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Let your steak sit out until room temperature. Pre-heat your oven to 350°F. Pre-heat your frying pan to searing hot. Pat dry your steak with paper towel and rub each side with salt. Put the steak in the pan and sear each side for 1m. Put the steak into the oven for about 5m (depending on thickness). Let it rest on the counter for 10m. An alternative which ...


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This is normal. Heating meat proteins makes them contract, which squeezes out water which was previously happily trapped between them. You can't avoid some of this happening at any temperature - the only way to not lose any moisture at all is to not cook the meat. As you sear it, the outside obviously gets very hot, the water boils out and the delicious ...


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Nothing is wrong, your method seems fine. Steak has a lot of juice in it and it's entirely normal to have some juice come out of a steak while resting. If there wasn't juice I'd be worried.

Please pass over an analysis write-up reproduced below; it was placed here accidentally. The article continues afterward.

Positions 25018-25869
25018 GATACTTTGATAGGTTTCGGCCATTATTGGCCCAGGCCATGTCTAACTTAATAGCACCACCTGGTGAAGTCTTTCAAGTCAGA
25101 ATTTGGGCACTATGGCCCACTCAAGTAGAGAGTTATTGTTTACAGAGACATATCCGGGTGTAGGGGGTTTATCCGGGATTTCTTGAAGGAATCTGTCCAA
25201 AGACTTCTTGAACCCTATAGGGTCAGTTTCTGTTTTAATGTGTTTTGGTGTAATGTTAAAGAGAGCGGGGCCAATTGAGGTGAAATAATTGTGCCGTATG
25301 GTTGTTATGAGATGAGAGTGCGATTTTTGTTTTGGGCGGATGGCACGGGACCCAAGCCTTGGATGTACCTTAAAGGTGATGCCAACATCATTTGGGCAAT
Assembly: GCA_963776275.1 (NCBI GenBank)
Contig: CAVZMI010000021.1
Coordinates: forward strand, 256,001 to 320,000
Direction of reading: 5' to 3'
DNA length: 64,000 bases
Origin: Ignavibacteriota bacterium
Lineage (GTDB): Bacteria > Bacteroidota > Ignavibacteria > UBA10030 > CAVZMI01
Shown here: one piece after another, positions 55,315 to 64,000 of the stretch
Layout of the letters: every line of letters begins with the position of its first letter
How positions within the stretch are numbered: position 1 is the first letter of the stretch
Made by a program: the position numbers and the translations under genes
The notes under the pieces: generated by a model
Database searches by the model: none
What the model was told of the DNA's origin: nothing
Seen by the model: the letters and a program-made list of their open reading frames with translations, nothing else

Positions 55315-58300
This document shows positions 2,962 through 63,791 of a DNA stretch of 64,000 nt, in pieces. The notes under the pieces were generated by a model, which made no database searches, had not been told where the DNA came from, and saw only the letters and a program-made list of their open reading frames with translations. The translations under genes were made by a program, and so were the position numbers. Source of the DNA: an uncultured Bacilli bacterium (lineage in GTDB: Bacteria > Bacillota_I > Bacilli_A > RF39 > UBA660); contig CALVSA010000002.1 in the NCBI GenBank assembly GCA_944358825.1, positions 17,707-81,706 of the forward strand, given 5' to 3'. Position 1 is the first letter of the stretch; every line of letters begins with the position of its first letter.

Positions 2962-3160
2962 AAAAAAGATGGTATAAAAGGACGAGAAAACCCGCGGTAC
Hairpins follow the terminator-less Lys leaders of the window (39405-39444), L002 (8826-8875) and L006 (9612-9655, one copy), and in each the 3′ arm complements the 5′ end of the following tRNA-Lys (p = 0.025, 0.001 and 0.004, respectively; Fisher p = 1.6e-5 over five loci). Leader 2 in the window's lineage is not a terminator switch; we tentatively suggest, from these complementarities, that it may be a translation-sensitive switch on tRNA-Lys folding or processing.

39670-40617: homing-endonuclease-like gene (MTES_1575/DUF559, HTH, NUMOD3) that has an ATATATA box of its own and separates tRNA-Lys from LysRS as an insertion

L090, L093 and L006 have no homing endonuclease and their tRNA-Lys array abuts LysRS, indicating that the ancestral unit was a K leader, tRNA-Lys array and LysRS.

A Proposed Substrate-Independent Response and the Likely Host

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When you buy ground beef you see it has white spots. That is what makes it oily. You will know when it's fully cooked when it is a medium brown color it should be ready. Make sure to keep an eyes on it when it's dry add a bit of water. Then cover it. Then you do this once more let it dry and it should be ready. MAKE SURE THERE IS NO RED OR PINK


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A lot of people had good questions in the comments. The best being Kenji's article from serious eats .com. Read that. Chances are if a lot of juices are coming out of your steak, its because you are cooking it past medium. I like to think the proportion of 'grey' meat in a cooked steak indicates how much red juice has been 'squeezed' out of the meat ...


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Probably because temperature of the pan is too low when you place in it. Steaks should have a high temperature shot at the beginning of cooking so the meat is slightly charred and seals inside the juice. The blood is clotted and the water keeps the meat tender.



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